More cities in Poland: Gdansk and Sopot

Gdansk, Sopot and Gdynia are known in Poland as the Tricity. Soletraveller has visited two of the three cities by the Baltic Sea.

It was just a short trip with my colleagues this time, but the little I was able to see just made me want to come back for more. We settled ourselves in Gdansk, at the hotel Mercure Gdansk Stare Miasto, overlooking the Old Town roofs, dominated by St. Mary’s Church.

Making plans …

I read somewhere that the city is called ‘Poland’s Amsterdam’ and I agree. The buildings and canals are definitely reminiscent of a Dutch city, in miniature. Gdansk was an important sea port and part of the Hanseatic League. Once it was also Poland’s most prosperous city.
Unfortunately, the town was badly damaged by bombing during World War 2, especially the old town which was destroyed. By the Golden Gate at the Western end of Dlugi Targ, the old city’s main street, two big pictures depict what it looked like after the German bombing. It could bring a tear to your eye, but then you see how well they have rebuilt this area. Really impressive.

I wasn’t the only one among my colleagues to get a deja vu from Piazza Navona in Roma as we walked out onto Dlugi Targ.

During all my visits to Poland I have had sunny and warm weather. It felt especially welcoming now after a long winter. The sun did its job, my freckles were popping out and a feeling of well-being was in place. After our work was done, we relaxed at the Mito Sushi Restaurant, where we had the best sushi I’ve ever tasted. A place to recommend, for sure.

Many people come to this area for a variety treatments. Spa, dentist, plastic surgery and so on. My female colleagues and I had to give it a go. We had all booked various massages at Jacques André, but I’m not sure how various the treatments really were. The men who gave the massage were good, but also had a firm hand. What was supposed to be a relaxing aroma massage was more like a classical massage to some of us.

We found a market full of vegetables, fruits and plants. One of my colleagues is really into succulent plants at the moment, and bought a few to take back home for the fraction of the price back in Norway.

Gdansk loves Angry Birds!

Just beyond the hotel is a shopping center, but central Gdansk itself really isn’t a big shopping place, unless you have amber jewelry in mind. Old Town is full of opportunities to shop the yellow treasure.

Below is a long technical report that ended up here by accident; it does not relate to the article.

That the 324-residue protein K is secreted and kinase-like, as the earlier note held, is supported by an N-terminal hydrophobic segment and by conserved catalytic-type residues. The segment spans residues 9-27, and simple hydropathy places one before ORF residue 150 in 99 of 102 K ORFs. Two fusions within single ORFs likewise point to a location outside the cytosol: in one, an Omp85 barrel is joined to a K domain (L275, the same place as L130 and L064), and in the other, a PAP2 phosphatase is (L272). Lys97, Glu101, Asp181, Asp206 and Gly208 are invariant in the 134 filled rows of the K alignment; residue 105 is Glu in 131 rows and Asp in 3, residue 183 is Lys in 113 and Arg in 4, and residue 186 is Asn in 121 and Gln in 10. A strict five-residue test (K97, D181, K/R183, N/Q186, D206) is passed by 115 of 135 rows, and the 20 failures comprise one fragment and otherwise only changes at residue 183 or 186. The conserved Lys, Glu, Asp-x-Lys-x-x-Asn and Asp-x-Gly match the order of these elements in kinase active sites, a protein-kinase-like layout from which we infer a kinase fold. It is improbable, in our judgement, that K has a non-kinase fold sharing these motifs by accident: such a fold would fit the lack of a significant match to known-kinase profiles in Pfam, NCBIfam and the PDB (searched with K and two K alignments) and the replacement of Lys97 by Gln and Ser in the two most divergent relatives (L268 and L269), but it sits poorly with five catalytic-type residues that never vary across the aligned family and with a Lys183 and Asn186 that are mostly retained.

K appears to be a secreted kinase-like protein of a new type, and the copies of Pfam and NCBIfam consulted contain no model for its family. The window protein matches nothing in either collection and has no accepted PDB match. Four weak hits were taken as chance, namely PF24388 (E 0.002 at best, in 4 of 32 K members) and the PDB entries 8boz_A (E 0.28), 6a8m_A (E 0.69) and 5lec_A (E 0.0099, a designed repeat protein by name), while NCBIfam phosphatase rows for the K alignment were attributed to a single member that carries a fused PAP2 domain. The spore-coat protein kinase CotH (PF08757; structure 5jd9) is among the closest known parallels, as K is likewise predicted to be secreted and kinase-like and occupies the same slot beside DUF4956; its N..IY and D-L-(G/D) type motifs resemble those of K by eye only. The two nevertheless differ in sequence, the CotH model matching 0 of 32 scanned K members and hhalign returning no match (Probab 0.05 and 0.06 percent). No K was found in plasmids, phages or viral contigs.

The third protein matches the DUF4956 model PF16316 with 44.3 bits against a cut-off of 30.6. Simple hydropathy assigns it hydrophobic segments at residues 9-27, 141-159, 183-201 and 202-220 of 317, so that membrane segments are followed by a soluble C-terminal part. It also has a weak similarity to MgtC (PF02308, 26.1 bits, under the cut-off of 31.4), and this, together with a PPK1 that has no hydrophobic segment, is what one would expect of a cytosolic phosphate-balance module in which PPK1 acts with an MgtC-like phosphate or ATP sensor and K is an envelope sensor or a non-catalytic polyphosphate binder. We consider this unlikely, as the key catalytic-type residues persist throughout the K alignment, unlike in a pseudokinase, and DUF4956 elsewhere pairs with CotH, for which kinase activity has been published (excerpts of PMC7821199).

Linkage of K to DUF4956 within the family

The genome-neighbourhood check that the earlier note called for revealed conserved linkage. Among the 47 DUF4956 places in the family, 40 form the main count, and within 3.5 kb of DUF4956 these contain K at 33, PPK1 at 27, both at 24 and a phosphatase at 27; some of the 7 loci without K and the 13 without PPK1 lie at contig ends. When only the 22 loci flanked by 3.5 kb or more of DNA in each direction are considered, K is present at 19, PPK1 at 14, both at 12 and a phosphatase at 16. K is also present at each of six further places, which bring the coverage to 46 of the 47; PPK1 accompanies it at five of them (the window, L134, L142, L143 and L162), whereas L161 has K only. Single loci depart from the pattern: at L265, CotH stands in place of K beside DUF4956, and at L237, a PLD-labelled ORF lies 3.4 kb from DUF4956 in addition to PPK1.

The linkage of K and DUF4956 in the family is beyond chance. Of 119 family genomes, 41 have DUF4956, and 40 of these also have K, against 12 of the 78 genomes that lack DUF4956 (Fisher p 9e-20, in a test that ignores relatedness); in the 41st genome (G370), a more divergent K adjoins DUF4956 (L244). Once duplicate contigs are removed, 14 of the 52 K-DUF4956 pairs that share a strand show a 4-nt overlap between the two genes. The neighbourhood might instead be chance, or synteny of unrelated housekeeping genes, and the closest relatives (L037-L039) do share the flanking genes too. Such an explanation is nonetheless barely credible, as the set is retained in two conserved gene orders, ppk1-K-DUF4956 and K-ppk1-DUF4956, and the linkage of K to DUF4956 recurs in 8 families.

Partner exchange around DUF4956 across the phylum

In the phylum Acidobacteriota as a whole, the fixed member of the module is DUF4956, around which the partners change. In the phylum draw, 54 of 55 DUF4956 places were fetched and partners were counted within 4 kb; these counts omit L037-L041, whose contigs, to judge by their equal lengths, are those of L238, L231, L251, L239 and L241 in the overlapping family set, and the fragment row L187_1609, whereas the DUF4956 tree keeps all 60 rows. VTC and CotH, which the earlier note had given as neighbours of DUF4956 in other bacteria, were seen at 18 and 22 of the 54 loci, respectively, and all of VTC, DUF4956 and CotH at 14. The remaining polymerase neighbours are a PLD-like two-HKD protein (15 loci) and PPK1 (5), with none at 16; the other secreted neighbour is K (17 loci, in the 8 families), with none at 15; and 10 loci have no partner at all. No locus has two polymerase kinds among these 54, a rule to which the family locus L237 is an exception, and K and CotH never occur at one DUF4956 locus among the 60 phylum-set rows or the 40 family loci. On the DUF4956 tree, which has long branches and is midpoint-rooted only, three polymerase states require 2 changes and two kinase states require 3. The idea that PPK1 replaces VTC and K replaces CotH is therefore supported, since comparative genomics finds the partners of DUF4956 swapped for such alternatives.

When we drove to Sopot the next day however, we passed several shopping opportunities, among others Galeria Baltycka shopping center. We didn’t stop. Instead, we had the taxi stop at Hotel Sheraton in Sopot, from where we walked to the end of Europe’s longest wooden pier, for lunch at the Meridien.

In relation to Gdansk, Sopot emerged as a more exclusive big brother by the sea. It was a little more expensive and polished here, still charming and wonderful though and still with comfortable prices for a Norwegian.

Woooooyyyy! Sopot’s funniest building.

For our trip to Sopot we had the most wonderful taxi driver. First he pointed his finger at us for actually paying him so much to be driven to Sopot, when we could take the train (but hey, the boss was paying).
On the way he pointed out places with interesting history or places just to know. Eventually we ended up talking about the Eurovision Song Contest, as it was only a few days away. During the trip he called up his son and asked him to look up Poland and Norway’s contribution on YouTube, so he could play them for us, with his mobile phone on loud speaker mode. We sang along, while I felt his flirting elbow in my side. Harmless and funny.

We enjoyed ourselves on this trip with food and drinks, strolling around the streets. Had I been alone, with Mum or with Joe I would definitely have done more exploring of these cities. But hey, one needs an excuse to go back.

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